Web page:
I recently visited one of the ADF’s special operations units to observe some firearms training conducted by a visiting American expert: let’s call him ‘Joe’. Joe lauded the commitment displayed by the operators he was training. In fact, one of the unit’s in-house instructors relayed that one particularly committed trainee had gone home and cut a mock-up of his M4 rifle out of wood so that he could practice his weapon manipulations in his own time. Most of those present chuckled, but Joe was puzzled. After an embarrassed pause, the instructor explained that, unlike in the US, it’s impossible for Australians—including members of the military—to own the semi-automatic equivalent of the M4 unless they make their living culling roos. Nor could the enthusiastic student legally avail himself of common alternatives to the real thing (airsoft guns, or realistic replicas) to practice with.
While it’s less difficult for diggers to get in some off-duty practice with a handgun, the system is still stacked against them. A handgun license requires first joining a club and completing their safety course, which can take up to 6 months. And no, three tours of Afghanistan doesn’t exempt you from having to sit through a class in which it’s explained that you shouldn’t point your gun at anything you don’t intend to shoot. Nor does the fact that you’ve completed a virtually identical safety course in a different state. Given that military personnel are redeployed every two or three years, this makes handgun ownership challenging for them. Furthermore, it’s necessary to compete in at least six pistol competitions per year. Tough luck if you’ve been deployed to Afghanistan for six months of the year and away on training courses for another two or three, and your club only runs one pistol competition a month.
So what? Why should we care about military personnel having shooting opportunities beyond their in-house military training? If you know someone in the military, try asking them whether they think they get enough trigger-time on their rifle. Then, if you really want to make them laugh out loud, ask how much handgun practice they get. The reality is that, like any military, the ADF only trains its people to meet a standard that is achievable by the least capable person allowed to continue to wear a uniform. Weapons training is constrained by time and funding, and can realistically only seek to achieve a base level of competence.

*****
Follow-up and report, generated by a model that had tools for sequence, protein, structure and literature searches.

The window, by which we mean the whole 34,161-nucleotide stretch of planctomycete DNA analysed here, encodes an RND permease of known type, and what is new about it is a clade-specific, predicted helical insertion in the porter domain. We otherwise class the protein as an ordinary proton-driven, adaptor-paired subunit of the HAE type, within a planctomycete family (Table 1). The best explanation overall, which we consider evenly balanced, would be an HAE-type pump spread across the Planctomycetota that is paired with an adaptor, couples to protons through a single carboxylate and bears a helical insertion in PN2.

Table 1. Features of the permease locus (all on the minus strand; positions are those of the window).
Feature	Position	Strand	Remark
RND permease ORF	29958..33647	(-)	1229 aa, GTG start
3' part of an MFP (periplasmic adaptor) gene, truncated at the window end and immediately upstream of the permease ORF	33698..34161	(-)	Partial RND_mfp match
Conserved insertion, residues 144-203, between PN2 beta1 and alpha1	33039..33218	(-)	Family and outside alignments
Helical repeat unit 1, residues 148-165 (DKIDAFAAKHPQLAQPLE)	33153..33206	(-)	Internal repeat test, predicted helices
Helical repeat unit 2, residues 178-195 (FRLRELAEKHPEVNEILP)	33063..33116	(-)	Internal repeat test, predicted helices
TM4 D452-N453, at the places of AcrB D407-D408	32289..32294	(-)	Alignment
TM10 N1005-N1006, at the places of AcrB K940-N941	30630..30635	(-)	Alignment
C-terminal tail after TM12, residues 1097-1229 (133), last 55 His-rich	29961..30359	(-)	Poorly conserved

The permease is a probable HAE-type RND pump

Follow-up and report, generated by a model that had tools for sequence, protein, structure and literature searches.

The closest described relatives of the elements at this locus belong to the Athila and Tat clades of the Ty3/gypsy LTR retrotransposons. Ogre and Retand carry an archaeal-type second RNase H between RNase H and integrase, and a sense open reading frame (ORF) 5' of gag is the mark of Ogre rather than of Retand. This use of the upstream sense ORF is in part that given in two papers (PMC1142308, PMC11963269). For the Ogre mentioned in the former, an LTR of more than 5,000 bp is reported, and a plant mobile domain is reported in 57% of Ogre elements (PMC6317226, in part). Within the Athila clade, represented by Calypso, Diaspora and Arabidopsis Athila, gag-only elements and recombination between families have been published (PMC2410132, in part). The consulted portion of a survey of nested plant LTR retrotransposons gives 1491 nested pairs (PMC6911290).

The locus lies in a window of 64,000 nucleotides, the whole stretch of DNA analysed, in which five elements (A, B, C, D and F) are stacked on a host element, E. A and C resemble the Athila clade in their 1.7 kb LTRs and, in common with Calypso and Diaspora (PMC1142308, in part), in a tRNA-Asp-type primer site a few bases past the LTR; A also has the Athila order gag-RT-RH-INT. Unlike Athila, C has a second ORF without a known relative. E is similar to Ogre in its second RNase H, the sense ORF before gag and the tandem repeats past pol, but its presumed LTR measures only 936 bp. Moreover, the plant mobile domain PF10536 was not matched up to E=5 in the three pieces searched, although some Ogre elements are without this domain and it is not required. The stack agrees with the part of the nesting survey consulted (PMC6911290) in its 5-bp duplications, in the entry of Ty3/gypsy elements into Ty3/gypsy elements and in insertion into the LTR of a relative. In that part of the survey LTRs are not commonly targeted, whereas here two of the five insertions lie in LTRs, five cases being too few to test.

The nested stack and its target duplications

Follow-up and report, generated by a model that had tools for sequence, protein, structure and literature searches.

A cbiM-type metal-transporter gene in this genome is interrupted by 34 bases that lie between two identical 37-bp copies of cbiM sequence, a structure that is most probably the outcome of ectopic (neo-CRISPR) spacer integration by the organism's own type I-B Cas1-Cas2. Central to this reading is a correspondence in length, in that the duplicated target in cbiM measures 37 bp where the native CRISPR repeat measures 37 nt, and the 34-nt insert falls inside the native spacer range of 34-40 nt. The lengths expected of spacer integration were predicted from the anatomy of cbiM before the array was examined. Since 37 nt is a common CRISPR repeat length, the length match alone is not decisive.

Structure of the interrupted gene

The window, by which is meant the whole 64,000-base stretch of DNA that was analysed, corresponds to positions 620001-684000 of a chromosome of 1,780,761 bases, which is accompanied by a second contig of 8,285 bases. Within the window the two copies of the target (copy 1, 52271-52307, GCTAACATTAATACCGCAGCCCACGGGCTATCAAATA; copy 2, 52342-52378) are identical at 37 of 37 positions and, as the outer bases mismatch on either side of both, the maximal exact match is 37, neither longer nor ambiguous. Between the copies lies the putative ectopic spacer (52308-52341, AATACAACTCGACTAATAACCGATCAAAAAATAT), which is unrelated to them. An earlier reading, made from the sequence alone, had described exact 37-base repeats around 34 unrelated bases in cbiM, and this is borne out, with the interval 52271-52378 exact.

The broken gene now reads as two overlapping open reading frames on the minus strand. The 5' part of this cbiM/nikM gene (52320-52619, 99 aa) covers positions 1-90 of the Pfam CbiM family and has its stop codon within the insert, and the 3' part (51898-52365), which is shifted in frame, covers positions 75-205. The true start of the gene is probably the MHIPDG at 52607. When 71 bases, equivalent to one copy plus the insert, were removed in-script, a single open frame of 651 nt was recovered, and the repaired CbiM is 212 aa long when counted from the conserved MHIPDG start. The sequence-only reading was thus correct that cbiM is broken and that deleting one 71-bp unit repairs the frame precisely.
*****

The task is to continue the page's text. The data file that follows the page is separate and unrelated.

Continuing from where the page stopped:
But is ‘competence’ enough? As you read this, Islamic State fighters are honing their fighting skills in the fervent hope that they might get to kill the enemy, which could potentially be an Australian soldier. Some have had a decade’s worth of combat experience, come from a long line of battle-hardened fighters, and aren’t constrained by health and safety regulations. And there are thousands of others like them all around the world. When (not if) one of our diggers comes face to face with one of these fanatics, it won’t be about check-the-box competence. It’ll be competitive, and in this competition there’s no silver medal. The goal for our diggers should be excellence, not competence. Those who serve in the ADF put their lives on the line to defend Australia. Surely we owe them the opportunity, should they so choose, to hone their weapons skills so that they’ll be in with the best possible chance of dominating that competition. It’d be absurd to train our Olympic athletes to the point of competence in their sport, but not allow them the opportunity to develop themselves to the point of excellence. And Olympic athletes don’t come home in body bags if they lose.
The visiting American, ‘Joe’, has never been in the military or the police. Yet his shooting skills are such that our special forces operators just shake their heads in wonder. That’s the power of competitive sports shooting. As Joe likes to say, with Zen-like wisdom, ‘if you always hit, you’ll never miss.’ If we’re to give the same opportunity to our diggers Australia’s firearms laws will need to be amended. The obvious place to start is with who qualifies for Category D licenses. Those allow ownership of military-style semi-automatic rifles and shotguns. Currently, qualifying for a Category D license is limited to ‘professional shooters whose principal occupation is the controlling of vertebrate pest animals.’ The diggers are professional shooters, but their principal occupation is the safeguarding of Australian strategic interests. Surely that profession has a legitimate claim for ownership?
Deane-Peter Baker is a senior lecturer in the School of Humanities and Social Sciences at the University of New South Wales, Canberra. Image courtesy of Department of Defence.